I think that the real problem with finding appropriate definitions is that the old linear value chain in publishing is changing beyond recogition.
Before, you had authors, agents, publisher, distributors, retailers, and readers. It was clear.
Now you have agents becoming publishers, publishers cutting out agents, retailers moving into publishing, publishers moving into retail, and lots and lots of authors publishing themselves, many of whom sell direct to the reader.
I think it will take a while before it all settles down, and in the end, the terms that will win out will be the ones that are most commonly used (not necessarily the ones which are most accurate).
Barry, well said as always. I am hoping for nomenclature that indicates available book production services, basic compensation guidelines/choices, and I will wait until that exists to decide whether or not to venture forth into whatever indie grows up to be. The movie studios, the music industry…it’s just our turn for a shake-up and I think the big six will find ways to adjust, make better deals, go forward and compete. I think many other venues to publishing will also thrive. Choices for artists are GOOD.
Just as I expected: He got the terms he wanted. That’s it. Bottom line.
This deal not only pays handsomly, but also demonstrates an evolving business model that “legacy publishers” or “traditional publishers” (or whatever clunky term fits best – I prefer big-pub, myself)really should be looking at very closely.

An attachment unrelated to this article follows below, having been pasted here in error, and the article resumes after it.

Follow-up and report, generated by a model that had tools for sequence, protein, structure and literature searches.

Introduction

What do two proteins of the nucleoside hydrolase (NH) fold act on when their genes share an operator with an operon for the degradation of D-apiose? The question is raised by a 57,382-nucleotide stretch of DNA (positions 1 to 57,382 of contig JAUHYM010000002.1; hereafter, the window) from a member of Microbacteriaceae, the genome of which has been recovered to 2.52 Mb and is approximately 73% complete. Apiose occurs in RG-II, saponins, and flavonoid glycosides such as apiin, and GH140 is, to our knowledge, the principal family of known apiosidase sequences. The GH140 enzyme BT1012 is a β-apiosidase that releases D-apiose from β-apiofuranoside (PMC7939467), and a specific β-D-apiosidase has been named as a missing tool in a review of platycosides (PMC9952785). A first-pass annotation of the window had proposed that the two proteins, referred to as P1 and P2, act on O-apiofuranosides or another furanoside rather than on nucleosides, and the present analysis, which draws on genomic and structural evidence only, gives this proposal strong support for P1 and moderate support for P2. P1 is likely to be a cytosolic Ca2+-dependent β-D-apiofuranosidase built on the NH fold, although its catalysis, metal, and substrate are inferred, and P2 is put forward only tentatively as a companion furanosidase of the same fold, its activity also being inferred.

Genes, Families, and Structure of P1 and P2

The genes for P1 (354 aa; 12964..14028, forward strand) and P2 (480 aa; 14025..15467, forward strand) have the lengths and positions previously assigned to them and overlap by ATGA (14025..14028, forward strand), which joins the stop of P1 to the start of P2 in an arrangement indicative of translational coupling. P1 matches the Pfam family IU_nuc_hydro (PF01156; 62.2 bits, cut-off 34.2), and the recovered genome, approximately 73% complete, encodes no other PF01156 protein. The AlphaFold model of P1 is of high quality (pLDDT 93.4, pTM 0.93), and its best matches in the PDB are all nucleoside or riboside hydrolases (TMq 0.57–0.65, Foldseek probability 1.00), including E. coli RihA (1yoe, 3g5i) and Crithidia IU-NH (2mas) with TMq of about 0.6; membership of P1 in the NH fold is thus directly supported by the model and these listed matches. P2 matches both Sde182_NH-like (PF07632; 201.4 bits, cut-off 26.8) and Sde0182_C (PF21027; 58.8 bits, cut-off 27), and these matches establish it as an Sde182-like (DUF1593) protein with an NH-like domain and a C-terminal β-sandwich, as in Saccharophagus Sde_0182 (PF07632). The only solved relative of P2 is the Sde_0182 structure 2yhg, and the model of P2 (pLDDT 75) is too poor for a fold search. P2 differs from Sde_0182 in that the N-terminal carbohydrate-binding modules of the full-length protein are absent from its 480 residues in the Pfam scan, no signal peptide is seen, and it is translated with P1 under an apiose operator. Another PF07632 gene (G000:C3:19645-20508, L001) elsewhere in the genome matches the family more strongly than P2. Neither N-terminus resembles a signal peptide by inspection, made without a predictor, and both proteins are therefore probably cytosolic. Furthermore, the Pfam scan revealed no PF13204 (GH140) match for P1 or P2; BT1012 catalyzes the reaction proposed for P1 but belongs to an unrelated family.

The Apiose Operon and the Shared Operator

The bottom line is Barry Eisler got the deal he was comfortable with. Period.
need to be taking copious notes on. It just might save them.
And the thing about it is that his deal not only will pay handsomely, but it also demonstrates an evolving business model that “legacy publishers” or “traditional publishers” or
BTW, I prefer the term ‘big-pub’.
Funny, in all the hyperbole going on in the publishing world, you never hear about the audience caring or not how they recieve their consumable product, or would it matter where it comes from as long as they get it?
Ebooks are like the new cabbage patch doll right now & Epublishing the new accessory.
Let’s throw this out there. Say there’s this huge virus, like Sony’s Playstation store thing, that spreads to only e-readers, corrupting and destroying not only accounts, but enabling hackers to steal identities & credit card info from said e-readers/and/or/accounts. Problem discovered, hackers stopped, but not in time, eg like SPS. Now here’s the twist. Someone decides to make this their platform for traditional books & publishing and a backlash against ebooks occurs (now if people are willing to believe that the rapture was last saturday, then this senario is highly as probable) & the marketability for said items bottoms out, like markets often do. Here’s my point, how much of a bridge do you burn when you dismiss brick & mortar publishing houses, when/if the market you’ve converted over to, isn’t viable any longer?
Things come & go in cycles, but the reality of it all is that brick & mortar has existed far longer than the current version of the internet. How does one do business without burning that bridge?
I’m on neither side. Years ago, when I was active part of the MWA, I used to have heated discussions about the coming of new publishing systems and the need to adapt, but was never really taken to heart…funny how these things come true.